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Self-deception and Culpability

Self-deception is a confused and confusing concept. It is especially relevant in the context of financial crimes as the prosecuting attorney is often required to prove, among other material elements, specific intent. For example, in (mis-) selling financial instruments (e.g., asset-backed securities – ABS) to a client / purchaser, the seller might contend that he/she neither knew of the material defects in the underlying assets nor intended to deceive the client / purchaser. This might be supported in underlying documentation (e.g., emails) wherein the seller and his/her agents did not acknowledge, directly or indirectly, the true nature of the underlying assets / transactions.

Smoking gun emails are not as common as they once were. Whether this has been caused by enhanced ethics of market participants and/or enhanced experience on the part of market participants of the investigative means and methods commonly deployed by law enforcement agencies (and/or other factors), I don’t know.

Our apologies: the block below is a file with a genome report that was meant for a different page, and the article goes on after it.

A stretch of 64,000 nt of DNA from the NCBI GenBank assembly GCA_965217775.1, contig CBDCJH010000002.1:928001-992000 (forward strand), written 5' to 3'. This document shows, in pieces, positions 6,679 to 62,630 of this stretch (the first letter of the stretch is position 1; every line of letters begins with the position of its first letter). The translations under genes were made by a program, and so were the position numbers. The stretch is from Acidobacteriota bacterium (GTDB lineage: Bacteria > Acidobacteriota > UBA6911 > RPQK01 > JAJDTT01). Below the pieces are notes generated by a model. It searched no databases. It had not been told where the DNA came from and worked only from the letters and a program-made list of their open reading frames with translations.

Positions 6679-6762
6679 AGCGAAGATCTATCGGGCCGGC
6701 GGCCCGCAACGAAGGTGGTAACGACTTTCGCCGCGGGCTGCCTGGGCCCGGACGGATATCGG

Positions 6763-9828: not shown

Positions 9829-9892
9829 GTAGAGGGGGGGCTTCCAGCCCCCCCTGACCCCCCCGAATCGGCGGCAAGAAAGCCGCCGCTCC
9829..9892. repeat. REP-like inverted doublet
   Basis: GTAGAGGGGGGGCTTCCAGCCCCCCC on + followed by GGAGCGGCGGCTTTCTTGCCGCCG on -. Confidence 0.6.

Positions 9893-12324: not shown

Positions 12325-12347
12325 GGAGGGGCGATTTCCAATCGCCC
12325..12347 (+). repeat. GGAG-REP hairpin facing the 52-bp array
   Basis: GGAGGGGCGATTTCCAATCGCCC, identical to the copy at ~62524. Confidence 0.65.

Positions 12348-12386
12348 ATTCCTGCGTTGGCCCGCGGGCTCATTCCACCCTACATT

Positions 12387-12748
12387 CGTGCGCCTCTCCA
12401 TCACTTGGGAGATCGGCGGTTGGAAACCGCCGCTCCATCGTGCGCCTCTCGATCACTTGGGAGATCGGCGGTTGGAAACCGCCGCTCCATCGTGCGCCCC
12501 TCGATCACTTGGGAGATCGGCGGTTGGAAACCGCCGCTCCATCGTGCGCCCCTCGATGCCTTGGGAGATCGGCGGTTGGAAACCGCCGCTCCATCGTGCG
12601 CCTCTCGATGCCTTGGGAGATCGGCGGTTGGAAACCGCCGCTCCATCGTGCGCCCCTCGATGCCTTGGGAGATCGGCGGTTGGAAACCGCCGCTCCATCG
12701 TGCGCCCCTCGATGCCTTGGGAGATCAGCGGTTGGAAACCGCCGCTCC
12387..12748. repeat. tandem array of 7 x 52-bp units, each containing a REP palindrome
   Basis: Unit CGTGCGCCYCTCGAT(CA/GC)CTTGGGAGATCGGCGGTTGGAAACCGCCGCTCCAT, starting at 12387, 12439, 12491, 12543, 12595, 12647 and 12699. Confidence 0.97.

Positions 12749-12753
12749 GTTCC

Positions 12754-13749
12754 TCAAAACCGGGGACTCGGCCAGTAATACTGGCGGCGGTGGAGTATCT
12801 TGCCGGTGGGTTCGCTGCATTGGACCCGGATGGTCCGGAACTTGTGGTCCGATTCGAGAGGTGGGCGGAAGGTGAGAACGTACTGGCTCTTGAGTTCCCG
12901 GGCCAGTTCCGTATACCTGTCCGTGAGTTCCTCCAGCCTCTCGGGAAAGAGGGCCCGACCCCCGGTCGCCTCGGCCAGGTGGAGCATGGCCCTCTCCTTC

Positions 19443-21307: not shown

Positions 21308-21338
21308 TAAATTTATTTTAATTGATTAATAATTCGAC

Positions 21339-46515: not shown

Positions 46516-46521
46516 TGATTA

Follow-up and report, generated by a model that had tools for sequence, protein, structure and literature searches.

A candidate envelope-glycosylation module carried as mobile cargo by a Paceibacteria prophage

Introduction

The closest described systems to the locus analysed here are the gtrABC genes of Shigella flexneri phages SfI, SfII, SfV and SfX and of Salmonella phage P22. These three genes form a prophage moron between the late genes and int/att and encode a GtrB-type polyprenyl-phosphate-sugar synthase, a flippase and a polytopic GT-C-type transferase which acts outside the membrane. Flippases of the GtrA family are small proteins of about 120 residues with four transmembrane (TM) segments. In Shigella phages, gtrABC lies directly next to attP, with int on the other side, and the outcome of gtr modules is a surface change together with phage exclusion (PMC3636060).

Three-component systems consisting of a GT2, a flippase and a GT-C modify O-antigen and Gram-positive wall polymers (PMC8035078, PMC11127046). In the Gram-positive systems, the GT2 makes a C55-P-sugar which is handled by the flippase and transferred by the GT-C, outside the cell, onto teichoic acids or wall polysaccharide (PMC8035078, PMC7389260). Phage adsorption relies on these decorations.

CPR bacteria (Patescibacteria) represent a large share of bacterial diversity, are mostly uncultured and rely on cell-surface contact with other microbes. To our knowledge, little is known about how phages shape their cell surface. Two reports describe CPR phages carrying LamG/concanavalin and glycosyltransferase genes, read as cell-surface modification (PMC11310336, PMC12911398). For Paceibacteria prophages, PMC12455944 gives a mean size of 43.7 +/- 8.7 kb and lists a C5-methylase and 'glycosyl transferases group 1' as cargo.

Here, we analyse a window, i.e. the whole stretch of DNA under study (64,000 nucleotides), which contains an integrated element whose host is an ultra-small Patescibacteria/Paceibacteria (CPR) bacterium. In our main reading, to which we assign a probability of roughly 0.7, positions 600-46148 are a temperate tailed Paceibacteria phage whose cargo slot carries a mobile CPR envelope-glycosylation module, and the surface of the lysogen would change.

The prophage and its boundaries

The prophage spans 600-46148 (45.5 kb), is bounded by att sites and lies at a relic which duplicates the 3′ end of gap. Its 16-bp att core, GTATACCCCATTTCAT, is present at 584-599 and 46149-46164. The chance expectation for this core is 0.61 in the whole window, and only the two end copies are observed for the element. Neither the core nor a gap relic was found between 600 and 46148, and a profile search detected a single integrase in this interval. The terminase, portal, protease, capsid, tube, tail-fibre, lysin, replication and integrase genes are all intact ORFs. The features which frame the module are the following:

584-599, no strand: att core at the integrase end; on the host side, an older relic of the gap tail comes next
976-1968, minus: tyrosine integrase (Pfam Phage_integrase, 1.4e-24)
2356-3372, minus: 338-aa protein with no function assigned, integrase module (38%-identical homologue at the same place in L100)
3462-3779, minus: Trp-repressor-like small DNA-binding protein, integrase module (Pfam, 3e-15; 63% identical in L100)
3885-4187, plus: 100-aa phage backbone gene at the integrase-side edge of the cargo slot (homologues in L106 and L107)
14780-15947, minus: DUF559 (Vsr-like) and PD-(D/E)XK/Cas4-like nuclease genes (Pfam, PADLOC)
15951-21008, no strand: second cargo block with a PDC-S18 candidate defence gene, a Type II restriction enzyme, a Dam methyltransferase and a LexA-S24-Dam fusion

Though market participant conduct that falls short of reasonableness may comprise the basis for civil / administrative action, it is often not sufficient as the basis for criminal action. Thus, sticking to one’s story about the nature of the transactions, assets, financial condition, etc. lays a potentially credible defense against the prosecution RE: State of mind / culpability. Whether such stickiness comprises self-deception is intriguing and relevant.

Conceivably, a fact-finder may reason that a defendant deceived him/herself and therefore did not intend to deceive the market generally or buyer specifically in arriving at a verdict of not guilty to the financial crime(s) at issue. Though self-deception is a longstanding and deeply studied issue (e.g., Freud), it is still a practical concern in the investigation and prosecution of financial crimes. One may even conclude that self-deception (at least, self-deception not controverted by the documentary and other evidence) comprises an important anticipatory defense.